- Latest Hilarious Picks [MakeUseOf Geeky Fun]
- Cool Websites and Tools [May 4th]
- Banshee 2.0 – A Comprehensive Media Player, Streamer & Podcast Tool [Linux]
- The 8 Most Useful DOS Commands That You Should Memorize
- Hot Tech Deals – Asus Eee PC 1015PN 10in Netbook + more
- 5 More Action Packed Free iPad & iPhone Games
- Launch Applications, Files & Folders Faster With MadAppLauncher [Windows]
- Use PayPal Mobile To Pay On The Go With Your Paypal Account
- DocumentCloud: Direct Access To The Documents Behind The News
- Limited Edition Charity Bundle for Japan, $200+ Worth of Apps for $30
- 3 Great Sites That Help You Read Books By Email
- Sony Falls Prey To Hackers – Again [News]
Posted: 05 May 2011 12:08 AM PDT
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More articles about: geeky fun
Posted: 04 May 2011 08:31 PM PDT
These are just half of the websites that we discovered in the last couple of days. If you want us to send you daily round-ups of all cool websites we come across, leave your email here. Or follow us via RSS feed.
More articles about: cool web apps
Posted: 04 May 2011 04:31 PM PDT
Canonical, the Ubuntu overlords, decided to include Banshee 2.0 with Ubuntu 11.04 “Natty Narwhal” – meaning the highly popular Linux distribution will be shipping with a fully integrated online music store for the first time. This version of Banshee has been tested on Ubuntu 10.10, and is the current stable release. Mac OS X users can download a temperamental beta, and there is a very buggy Windows alpha version in development.
For those of you who aren’t already using Ubuntu 11.04, you can get a version of Banshee for your particular distribution over at the download page. There are plenty of versions for specific distributions, or you can download and compile from source should you wish to.
Older versions of Ubuntu and Ubuntu-based distributions (with binary compatibility) can download from the official repository opening up a new Terminal window and typing:
sudo add-apt-repository ppa:banshee-team/ppa sudo apt-get update sudo apt-get install banshee
For the latest versions, adding the official Banshee repository (as above) is a must.
Streaming & Downloading
Banshee is very much reliant on an Internet connection for much of its feature set. One of the main features is Amazon MP3 Store integration, which appears in the menu bar on the left. Browsing for music is handled simply by the bog-standard Amazon frontend, and whilst a custom interface would have been nice it serves its purpose.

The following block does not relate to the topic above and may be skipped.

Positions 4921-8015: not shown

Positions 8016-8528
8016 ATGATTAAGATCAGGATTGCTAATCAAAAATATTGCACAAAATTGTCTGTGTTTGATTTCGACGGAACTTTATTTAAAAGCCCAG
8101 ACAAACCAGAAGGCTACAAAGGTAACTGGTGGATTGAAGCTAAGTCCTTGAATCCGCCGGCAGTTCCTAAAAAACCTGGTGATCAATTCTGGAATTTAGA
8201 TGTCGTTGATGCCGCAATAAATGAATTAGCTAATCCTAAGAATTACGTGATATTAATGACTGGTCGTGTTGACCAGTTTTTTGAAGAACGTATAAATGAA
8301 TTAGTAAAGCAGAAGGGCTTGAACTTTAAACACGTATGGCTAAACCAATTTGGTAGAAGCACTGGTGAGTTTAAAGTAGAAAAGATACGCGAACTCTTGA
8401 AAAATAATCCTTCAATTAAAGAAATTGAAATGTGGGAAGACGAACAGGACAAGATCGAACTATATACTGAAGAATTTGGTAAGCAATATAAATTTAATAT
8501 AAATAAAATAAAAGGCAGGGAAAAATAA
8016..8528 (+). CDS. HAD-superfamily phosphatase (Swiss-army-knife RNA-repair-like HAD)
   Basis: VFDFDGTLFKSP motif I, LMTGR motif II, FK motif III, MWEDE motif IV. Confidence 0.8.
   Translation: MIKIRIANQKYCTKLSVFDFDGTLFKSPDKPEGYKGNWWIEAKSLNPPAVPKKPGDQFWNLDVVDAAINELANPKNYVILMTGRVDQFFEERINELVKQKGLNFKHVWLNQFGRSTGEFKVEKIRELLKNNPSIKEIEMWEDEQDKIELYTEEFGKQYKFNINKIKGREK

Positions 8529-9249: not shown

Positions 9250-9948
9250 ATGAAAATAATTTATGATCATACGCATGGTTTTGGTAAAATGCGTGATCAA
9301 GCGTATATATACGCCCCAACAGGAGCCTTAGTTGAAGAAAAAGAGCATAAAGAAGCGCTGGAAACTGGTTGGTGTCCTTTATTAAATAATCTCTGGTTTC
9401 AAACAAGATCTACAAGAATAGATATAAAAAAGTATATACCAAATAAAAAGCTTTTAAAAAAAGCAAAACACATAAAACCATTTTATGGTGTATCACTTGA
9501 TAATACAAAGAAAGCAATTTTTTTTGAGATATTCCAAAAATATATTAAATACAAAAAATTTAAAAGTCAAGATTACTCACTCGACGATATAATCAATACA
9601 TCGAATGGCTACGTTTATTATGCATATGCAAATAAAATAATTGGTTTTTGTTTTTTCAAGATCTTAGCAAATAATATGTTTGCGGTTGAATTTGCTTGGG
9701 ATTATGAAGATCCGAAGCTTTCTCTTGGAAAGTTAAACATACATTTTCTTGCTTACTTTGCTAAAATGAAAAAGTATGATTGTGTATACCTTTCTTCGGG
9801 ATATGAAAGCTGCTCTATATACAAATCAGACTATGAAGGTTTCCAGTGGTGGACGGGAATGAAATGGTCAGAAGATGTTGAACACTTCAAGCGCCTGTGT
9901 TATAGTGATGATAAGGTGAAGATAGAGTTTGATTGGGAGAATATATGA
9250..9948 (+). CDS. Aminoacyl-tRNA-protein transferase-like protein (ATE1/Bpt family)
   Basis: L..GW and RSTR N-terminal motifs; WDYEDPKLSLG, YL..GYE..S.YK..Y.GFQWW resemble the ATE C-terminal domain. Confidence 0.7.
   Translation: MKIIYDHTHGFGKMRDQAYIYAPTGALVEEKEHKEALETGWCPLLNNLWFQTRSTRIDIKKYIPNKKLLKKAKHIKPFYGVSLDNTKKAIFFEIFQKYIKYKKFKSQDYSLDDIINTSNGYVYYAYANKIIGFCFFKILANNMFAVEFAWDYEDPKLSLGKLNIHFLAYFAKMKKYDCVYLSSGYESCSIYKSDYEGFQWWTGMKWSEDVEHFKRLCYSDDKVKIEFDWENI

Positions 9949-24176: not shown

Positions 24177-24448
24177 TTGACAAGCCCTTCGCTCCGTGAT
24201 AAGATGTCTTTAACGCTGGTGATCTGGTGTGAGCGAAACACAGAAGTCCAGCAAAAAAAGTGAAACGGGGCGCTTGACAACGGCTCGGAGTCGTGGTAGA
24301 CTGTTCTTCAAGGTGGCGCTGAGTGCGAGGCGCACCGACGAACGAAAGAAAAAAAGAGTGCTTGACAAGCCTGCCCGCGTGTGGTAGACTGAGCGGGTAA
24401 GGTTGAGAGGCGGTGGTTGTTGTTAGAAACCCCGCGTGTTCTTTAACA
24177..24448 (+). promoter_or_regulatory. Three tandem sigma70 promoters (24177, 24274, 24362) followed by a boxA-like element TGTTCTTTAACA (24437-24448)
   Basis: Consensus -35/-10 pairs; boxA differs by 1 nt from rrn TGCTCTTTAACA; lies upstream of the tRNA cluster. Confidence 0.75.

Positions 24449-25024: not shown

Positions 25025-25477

Anything you stream (preview) is handled by Banshee, which means no Flash plugins and some lightning-fast buffering. Every now and again a preview would timeout when clicked. I’m not sure if this is Amazon’s fault or Banshee’s. Simply clicking preview again loaded the track the few times I encountered the error.
Downloads (free or purchased) from the Amazon MP3 Store are automatically added to your Banshee library, and you can stipulate the settings for saving this to your hard drive within the preferences.
Also included are integration with Miro and The Internet Archive. Miro is a fantastic way of discovering both audio and video podcasts, with a hearty selection of media to choose from. Much like the Amazon MP3 Store all previews are handled by Banshee. Podcasts can be subscribed to with Banshee’s in-built podcast tool and you can even add a shortcut link to your favourite shows on the main Banshee sidebar.
The Internet Archive is probably one of the better integrated components, with an ever-expanding database of things to watch, listen to or read. The search interface makes it really easy to find what you’re looking for, and it’s a good job as you’ll have so much free content at your fingertips.
A simple Internet radio streamer and Last.fm integration are also present and functional but nothing particularly special to write home about.
The daily builds of Banshee currently also include experimental eMusic Store support, described by Rolling Stone magazine as “the iTunes music store’s cooler, cheaper cousin“. When this makes it to the stable builds Banshee will come with 2 music stores, and offer a huge selection of tunes.
Playback, Connectivity & Customization
Bolstering the already impressive feature set, presentation and accessible content is the player’s compatibility with other devices. Banshee plays nicely with Apple’s range of portable media players, handy if you need to use iTunes to transfer media to your iPod or similar. If you’ve got a Creative Zen or other MTP device then Banshee will do the trick here too.